Next up in Amazon’s tax war: California


Amazon is prepared to take its sales tax war to one of the biggest arenas of all: California.

In an email sent Wednesday, Amazon warned that it will shut down its Amazon Associates Program for California-based participants if the state passes a proposed bill that would impose new taxes on online retail sales.

As online shopping has ticked up, more and more states have begun passing laws that require online retailers to charge sales taxes.  Amazon has been battling with state legislatures over whether or not its transactions should include the same sales taxes required of brick-and-mortar retailers. Amazon has already terminated its affiliate programs in such states as Arkansas, Colorado, Connecticut, Illinois, North Carolina, Rhode Island and Texas due to the battle over sales tax.

The warning to California is in line with Amazon CEO Jeff Bezos’ reported remarks at a ShopSmart Shopping Summit held in New York in May: “We will continue to drop states who pass those affiliate laws from the affiliate program.”

If nothing else, Amazon’s showdown in California proves Bezos is a man of his word. But California is well-known to be a major — and uniquely important — economy in and of itself. Time will tell whether the decision to go to the mat with the Golden State will turn out in Amazon’s favor.

Here is the email sent by Amazon to its California associates program affiliates:


For well over a decade, the Amazon Associates Program has worked with thousands of California residents. Unfortunately, a potential new law that may be signed by Governor Brown compels us to terminate this program for California-based participants. It specifically imposes the collection of taxes from consumers on sales by online retailers — including but not limited to those referred by California-based marketing affiliates like you — even if those retailers have no physical presence in the state.

We oppose this bill because it is unconstitutional and counterproductive. It is supported by big-box retailers, most of which are based outside California, that seek to harm the affiliate advertising programs of their competitors. Similar legislation in other states has led to job and income losses, and little, if any, new tax revenue. We deeply regret that we must take this action.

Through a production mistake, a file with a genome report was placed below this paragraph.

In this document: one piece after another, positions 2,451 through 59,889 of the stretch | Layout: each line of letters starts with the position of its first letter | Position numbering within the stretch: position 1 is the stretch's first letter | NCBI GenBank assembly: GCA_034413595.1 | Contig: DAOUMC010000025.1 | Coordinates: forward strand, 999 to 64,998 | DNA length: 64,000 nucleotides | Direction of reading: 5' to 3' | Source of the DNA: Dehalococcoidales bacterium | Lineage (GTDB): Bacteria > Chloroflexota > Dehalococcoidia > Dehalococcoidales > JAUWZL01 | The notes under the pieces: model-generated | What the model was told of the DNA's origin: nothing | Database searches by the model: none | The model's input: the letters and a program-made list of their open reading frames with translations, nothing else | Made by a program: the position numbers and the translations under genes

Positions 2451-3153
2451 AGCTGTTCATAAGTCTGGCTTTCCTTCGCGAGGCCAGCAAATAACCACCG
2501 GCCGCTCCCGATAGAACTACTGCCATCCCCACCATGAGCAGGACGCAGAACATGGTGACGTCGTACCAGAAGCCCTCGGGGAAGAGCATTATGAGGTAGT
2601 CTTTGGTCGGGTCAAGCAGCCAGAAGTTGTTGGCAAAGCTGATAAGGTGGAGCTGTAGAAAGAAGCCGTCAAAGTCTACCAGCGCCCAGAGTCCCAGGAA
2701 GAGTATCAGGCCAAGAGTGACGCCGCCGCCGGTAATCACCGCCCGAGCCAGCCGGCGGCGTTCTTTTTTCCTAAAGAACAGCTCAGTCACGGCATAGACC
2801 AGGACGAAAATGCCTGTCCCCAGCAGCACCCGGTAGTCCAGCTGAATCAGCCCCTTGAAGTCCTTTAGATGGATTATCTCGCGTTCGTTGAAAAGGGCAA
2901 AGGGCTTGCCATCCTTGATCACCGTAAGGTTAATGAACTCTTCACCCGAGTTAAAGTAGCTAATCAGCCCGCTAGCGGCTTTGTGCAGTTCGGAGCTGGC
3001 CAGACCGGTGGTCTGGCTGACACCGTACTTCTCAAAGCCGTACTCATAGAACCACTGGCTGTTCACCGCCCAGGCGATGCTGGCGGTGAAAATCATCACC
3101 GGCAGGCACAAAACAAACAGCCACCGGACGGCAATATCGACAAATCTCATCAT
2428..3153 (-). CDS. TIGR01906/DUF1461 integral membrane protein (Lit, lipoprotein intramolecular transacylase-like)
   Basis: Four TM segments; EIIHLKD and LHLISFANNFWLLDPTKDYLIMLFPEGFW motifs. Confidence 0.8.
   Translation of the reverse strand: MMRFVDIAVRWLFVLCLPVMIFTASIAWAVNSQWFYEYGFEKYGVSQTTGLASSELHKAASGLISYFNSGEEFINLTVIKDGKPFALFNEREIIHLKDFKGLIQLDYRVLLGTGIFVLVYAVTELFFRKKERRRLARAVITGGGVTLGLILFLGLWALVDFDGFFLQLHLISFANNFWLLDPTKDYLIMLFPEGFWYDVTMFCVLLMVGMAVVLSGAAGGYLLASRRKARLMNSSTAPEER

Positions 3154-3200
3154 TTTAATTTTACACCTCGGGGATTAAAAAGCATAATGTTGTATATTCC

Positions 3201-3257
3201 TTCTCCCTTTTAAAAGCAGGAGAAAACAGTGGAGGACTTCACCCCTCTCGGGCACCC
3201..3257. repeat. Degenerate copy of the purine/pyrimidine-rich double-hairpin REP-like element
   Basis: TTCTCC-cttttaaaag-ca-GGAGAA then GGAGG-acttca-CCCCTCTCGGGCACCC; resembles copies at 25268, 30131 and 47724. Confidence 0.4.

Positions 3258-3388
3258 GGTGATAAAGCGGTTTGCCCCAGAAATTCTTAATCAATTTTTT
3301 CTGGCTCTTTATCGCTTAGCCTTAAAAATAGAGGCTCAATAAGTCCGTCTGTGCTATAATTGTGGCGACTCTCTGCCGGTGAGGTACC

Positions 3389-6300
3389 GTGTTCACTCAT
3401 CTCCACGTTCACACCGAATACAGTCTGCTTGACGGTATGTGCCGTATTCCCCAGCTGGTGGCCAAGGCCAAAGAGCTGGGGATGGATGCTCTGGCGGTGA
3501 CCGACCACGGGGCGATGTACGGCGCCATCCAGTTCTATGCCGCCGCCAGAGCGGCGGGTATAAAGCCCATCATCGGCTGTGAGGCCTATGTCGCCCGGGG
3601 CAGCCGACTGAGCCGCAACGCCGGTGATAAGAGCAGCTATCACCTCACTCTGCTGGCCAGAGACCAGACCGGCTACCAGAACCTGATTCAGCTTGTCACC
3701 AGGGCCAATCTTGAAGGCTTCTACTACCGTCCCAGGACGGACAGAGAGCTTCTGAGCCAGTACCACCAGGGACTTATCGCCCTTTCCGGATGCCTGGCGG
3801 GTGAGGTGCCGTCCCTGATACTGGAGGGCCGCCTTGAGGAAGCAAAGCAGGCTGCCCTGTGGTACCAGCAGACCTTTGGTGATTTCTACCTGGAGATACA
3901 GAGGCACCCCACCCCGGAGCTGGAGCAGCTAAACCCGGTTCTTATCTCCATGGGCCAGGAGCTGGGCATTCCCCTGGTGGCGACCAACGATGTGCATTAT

As a result, we will terminate contracts with all California residents that are participants in the Amazon Associates Program as of the date (if any) that the California law becomes effective. We will send a follow-up notice to you confirming the termination date if the California law is enacted. In the event that the California law does not become effective before September 30, 2011, we withdraw this notice. As of the termination date, California residents will no longer receive advertising fees for sales referred to,, MYHABIT.COM or Please be assured that all qualifying advertising fees earned on or before the termination date will be processed and paid in full in accordance with the regular payment schedule.

You are receiving this email because our records indicate that you are a resident of California. If you are not currently a resident of California, or if you are relocating to another state in the near future, you can manage the details of your Associates account here. And if you relocate to another state in the near future please contact us for reinstatement into the Amazon Associates Program.

To avoid confusion, we would like to clarify that this development will only impact our ability to offer the Associates Program to California residents and will not affect their ability to purchase from,, MYHABIT.COM or

We have enjoyed working with you and other California-based participants in the Amazon Associates Program and, if this situation is rectified, would very much welcome the opportunity to re-open our Associates Program to California residents. We are also working on alternative ways to help California residents monetize their websites and we will be sure to contact you when these become available.


The Amazon Associates Team

Photo courtesy of Flickr user Ken Lund.


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